Blue Is So 2016: Meet Microsoft's Green Screen of Death

If you're using a Insider preview version of Windows 10 next year and your system crashes and fills your display with a green screen with an error message, don't be alarmed -- or at least any more alarmed than usual. Your eyesight is not deceiving you, your monitor doesn't need to be re-calibrated: Microsoft is retiring the Blue Screen of Death for preview users.

The change was first hinted at by Microsoft's Sr. Program Manager for Windows Matthijs Hoekstra, before it was apparently first found in the wild by Twitter user @Chris123NT who shared proof. The change is possibly more for Microsoft than it is for users, though. If a user shares a photo of their green screen online, Microsoft's team will recognize it on sight and better know where to file the news of a crash and how to prioritize it.

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The green screen of death isn't even available to Windows Insiders as of today, though, as it's a part of build 14997 of Windows 10, which leaked online earlier this week. This version, expected to be released in 2017, includes a blue-light reduction feature, app folders for the Start Menu and improvements to Microsoft Edge tab management.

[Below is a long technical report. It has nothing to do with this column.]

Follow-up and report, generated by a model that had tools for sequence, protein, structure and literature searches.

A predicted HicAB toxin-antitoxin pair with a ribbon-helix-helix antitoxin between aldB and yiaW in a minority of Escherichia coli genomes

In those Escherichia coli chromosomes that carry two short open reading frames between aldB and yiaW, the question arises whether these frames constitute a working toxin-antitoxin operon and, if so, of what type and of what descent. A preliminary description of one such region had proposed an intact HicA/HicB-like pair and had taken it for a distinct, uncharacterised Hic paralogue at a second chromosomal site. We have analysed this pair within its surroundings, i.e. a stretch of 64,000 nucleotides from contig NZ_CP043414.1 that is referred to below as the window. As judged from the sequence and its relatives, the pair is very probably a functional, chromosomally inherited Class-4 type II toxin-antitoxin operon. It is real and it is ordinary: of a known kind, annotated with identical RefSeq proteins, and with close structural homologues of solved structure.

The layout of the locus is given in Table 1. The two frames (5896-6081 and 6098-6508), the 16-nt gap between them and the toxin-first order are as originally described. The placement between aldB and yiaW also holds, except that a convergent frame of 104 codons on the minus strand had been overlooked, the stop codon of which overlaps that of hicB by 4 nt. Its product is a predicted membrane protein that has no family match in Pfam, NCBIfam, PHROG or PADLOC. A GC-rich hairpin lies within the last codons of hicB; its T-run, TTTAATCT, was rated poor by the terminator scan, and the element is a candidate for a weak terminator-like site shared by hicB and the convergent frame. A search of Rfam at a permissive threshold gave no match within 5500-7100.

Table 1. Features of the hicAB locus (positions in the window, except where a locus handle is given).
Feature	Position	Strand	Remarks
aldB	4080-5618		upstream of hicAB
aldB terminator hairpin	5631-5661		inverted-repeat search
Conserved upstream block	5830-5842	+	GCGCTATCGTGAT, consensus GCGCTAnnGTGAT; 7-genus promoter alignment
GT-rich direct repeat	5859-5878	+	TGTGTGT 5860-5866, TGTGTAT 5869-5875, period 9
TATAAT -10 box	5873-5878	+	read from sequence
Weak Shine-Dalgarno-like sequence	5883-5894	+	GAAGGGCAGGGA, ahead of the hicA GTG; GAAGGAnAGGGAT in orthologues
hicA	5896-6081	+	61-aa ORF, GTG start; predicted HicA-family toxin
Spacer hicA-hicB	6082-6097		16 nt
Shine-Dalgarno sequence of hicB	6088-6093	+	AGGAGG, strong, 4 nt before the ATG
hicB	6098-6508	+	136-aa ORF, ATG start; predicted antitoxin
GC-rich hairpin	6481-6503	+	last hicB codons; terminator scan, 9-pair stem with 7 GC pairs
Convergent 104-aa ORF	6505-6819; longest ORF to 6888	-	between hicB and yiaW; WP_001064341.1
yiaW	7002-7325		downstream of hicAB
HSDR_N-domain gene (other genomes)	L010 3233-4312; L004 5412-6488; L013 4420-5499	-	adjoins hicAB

@mahoekst so on a hunch I tried to force a bug check and well, yeah... — Chris123NT (@Chris123NT) December 29, 2016

If you're considering trying to track down build 14997, we'd suggest you hold off and wait until next year. Unless you're an advanced user, it can be mighty hard to correctly identify a safe version of an OS update, especially when malware runs rampant in third-party app download sources.

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